For example, create a list that shows only voters who vote in your specific election. These people may skip other elections, yet they show a focus on the district where you desire a seat. Call them chronic district voters.
Peruse prior years’ election data to see in which precincts or areas an incumbent opponent has done poorly. Create lists that target those areas, and create specific mailers that focus on those voters.
Determine which elections have lower turnout. Create a list of people who voted in those elections, especially when incumbents ran unopposed. These are your die-hard voters, and you want to reach out to them.
Creating a targeted mailer list may seem like more work, but the effort pays off. The cost of direct mail to these voters is worthy.
Another list you need is one showing those people who show a preference for voting absentee. This list is specific to those locations where absentee voting is held. States where all elections are by mail work differently.
Peruse the collected election data to cull those voters who vote absentee. Create a list, a subset of the chronic-voters list, that shows only those voters. The goal is to hit them up early. You want to send out a heads-up because all of them vote well before the general election.
This step is the second approach in reaching early voters, along with the absentee-voter list.
- Your campaign for office is a marketing campaign. You want to reach your best customers, those people who vote frequently.
- If you’re in a partisan race, you must create lists for two elections — that is, unless your area is so partisan that winning the primary guarantees victory in the general election.
- Don’t mess too much with the list’s raw data if you plan to use a direct-mailing firm. Excel can do weird things to large spreadsheets. These changes can upset the special software used by the bulk-mailing houses. Leaving the voter list as unmolested as possible is a good thing.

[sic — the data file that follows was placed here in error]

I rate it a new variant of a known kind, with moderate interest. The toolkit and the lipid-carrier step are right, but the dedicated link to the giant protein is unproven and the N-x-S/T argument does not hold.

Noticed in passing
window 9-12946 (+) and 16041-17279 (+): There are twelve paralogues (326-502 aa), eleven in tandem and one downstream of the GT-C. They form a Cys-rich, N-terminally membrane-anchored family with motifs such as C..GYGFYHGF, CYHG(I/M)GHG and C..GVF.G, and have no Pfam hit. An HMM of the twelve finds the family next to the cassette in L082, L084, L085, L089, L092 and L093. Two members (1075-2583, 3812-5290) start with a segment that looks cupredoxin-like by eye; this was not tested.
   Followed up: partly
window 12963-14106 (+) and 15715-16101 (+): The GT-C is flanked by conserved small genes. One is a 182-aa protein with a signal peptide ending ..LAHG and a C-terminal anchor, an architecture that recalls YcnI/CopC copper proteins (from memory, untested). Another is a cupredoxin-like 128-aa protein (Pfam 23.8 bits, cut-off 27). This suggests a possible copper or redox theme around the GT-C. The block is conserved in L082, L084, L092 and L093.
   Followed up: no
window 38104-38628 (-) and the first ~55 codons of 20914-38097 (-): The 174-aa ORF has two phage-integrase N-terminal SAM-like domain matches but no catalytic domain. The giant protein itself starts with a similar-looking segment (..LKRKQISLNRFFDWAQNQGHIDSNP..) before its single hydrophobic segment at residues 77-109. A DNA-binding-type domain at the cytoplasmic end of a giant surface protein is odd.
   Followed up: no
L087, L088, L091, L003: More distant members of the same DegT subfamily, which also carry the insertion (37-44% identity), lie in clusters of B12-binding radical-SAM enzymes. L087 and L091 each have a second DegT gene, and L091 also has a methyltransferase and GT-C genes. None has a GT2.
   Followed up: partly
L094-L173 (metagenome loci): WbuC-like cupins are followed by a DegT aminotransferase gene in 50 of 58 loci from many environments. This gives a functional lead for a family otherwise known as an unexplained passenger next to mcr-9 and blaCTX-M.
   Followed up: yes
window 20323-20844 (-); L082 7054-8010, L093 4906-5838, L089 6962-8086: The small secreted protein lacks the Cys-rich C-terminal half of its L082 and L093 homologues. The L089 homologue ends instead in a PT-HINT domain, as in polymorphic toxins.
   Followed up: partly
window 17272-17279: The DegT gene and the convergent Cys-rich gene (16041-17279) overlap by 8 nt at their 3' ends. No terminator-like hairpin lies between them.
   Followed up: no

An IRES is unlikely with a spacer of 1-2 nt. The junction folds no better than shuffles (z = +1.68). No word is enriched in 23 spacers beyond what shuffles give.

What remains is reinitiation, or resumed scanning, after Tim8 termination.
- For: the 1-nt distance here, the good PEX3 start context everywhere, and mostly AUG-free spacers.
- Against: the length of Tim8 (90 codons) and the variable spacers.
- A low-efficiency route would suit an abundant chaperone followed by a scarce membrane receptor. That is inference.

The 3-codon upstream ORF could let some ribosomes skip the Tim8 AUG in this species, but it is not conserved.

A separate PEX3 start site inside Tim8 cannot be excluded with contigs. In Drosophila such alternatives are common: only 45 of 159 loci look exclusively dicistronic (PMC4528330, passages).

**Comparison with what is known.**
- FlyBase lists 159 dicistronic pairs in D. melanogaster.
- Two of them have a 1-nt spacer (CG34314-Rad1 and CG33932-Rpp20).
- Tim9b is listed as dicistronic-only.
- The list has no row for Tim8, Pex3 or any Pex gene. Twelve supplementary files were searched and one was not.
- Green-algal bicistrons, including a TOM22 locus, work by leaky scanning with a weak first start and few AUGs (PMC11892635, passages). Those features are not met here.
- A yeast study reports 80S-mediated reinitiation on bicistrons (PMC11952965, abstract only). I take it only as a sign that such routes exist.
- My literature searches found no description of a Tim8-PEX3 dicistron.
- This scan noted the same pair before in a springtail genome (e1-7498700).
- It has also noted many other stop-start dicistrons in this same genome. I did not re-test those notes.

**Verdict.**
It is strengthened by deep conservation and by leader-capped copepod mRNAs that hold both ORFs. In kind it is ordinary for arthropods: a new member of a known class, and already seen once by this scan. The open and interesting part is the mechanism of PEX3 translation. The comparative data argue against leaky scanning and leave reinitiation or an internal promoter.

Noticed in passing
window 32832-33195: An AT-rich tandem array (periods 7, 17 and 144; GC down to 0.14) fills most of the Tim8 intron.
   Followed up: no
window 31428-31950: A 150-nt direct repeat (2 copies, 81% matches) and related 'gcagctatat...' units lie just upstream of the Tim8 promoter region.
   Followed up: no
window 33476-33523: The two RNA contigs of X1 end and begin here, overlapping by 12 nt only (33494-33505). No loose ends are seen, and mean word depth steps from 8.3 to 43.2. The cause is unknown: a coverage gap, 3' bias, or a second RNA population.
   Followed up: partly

- Some campaign managers may insist that you visit every house when door-knocking. They recommend carrying voter registration cards so that you can sign up nonvoters. You can whip up interest for low-frequency voters as well. If you have time, pursue this strategy, though you should confer with others who’ve run campaigns in your area, to see whether this approach is an effective use of time.
- Parties often have lists, so if you’re a party member, you might be able to obtain their lists and appeal to voters who share common interests.
In addition to creating specific voter lists, you must do some eliminating. This step takes place after you’ve created your chronic voter list, walking list, absentee list, and so. The goal is to remove and combine.
First, you want to remove from the list people you are certain will not vote for you. For example, your opponent. You can also pull out your opponent’s supporters and others you’re certain aren’t casting a vote for you. Eliminating such people from your voter list may seem petty, but this process saves campaign resources.
Second, you must combine multiple voters at the same residence. If five people are registered to vote at 555 Fifth St., you’re wasting four stamps and four postcards sending mail to each of them. Instead, create a single record.
For example, if multiple voters at the same residence share their last name, create a single entry: Quintus Household. Bulk mailing services to so automatically.
Another tactic to use is overlaying multiple address labels so that each name appears but only one address. The figure illustrates how this technique works.
Contacting multiple voters.
How to obtain ongoing voter data
The election authority generates voter data as the election unfolds. This new information might also be available to the public. It includes
- People who have applied for an absentee or vote-by-mail ballot
- People who have already voted
- New-voter registrations
If possible, sign up to receive this information as it becomes known. Hopefully, your area’s elections office provides the details with little fuss and no fees. If fees are charged, they’re worth it. Use this data to contact new voters and to purge from your list the people who’ve already voted.